About this Research Topic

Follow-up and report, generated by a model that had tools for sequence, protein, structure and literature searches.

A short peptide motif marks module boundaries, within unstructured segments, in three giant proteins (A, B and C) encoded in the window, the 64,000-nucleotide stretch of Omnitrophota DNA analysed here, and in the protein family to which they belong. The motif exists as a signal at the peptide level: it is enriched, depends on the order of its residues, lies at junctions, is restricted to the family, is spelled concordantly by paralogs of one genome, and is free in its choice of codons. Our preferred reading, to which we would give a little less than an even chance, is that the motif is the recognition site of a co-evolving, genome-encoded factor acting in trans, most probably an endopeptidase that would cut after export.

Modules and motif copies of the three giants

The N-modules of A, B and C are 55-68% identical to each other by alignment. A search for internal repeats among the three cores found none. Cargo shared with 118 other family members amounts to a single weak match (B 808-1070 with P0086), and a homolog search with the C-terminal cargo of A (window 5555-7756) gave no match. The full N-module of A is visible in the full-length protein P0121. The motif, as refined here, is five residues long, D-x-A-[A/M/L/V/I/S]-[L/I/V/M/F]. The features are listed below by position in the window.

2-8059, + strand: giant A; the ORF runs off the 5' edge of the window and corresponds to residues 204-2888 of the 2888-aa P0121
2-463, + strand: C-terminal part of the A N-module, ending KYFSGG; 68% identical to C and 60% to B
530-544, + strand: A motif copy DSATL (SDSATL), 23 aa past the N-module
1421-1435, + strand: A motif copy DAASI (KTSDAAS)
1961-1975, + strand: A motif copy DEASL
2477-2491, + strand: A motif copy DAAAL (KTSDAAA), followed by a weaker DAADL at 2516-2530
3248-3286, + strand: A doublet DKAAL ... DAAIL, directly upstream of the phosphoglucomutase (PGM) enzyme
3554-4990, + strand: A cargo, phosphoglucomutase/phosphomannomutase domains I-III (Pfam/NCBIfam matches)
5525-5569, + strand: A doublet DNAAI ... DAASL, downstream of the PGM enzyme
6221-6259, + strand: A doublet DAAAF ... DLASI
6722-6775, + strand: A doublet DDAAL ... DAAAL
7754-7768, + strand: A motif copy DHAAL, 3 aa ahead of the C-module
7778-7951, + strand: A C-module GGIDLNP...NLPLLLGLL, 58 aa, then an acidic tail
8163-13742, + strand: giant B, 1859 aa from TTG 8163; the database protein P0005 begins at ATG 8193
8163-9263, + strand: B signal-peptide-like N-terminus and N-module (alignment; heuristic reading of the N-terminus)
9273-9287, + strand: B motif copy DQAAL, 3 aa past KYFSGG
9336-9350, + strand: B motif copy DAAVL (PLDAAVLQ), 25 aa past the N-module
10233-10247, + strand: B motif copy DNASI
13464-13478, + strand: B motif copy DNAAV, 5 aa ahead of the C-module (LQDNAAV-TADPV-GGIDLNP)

Impaired cognition in schizophrenia is a core feature of the illness that for many patients represents a “glass ceiling” for functional recovery. Strong links have been established between cognitive impairment and functional outcome propelling this aspect of the psychopathology of schizophrenia to become a major focus of research as well as a major target for treatment development. Translational research to develop treatments for cognitive deficits in schizophrenia has been accelerated since the early 1990s. A number of promising leads have been developed for treatment of cognitive deficits in schizophrenia, including drugs that modulate glutamatergic, GABAergic, catecholaminergic and nicotinic neurotransmission, but at this point none of the treatments has led to improved cognition in these patients, perhaps in part because the precise nature of the cognitive deficits has not been established. More recently, researchers have begun to use basic science paradigms to better pinpoint the spatiotemporal dynamics of deficits in cognitive control, attention, memory, language and emotion in schizophrenia. In this Research Topic of Frontiers in Human Neuroscience we welcome original research and critical reviews that examine the neural mechanisms that contribute to impaired cognition and emotion in schizophrenia and that examine promising avenues for treatment of the illness. In this way, we aim to synthesize new perspectives and gain a more complete picture of the brain bases of cognitive and emotional deficits in schizophrenia, which may be used to develop and inform treatments of the illness
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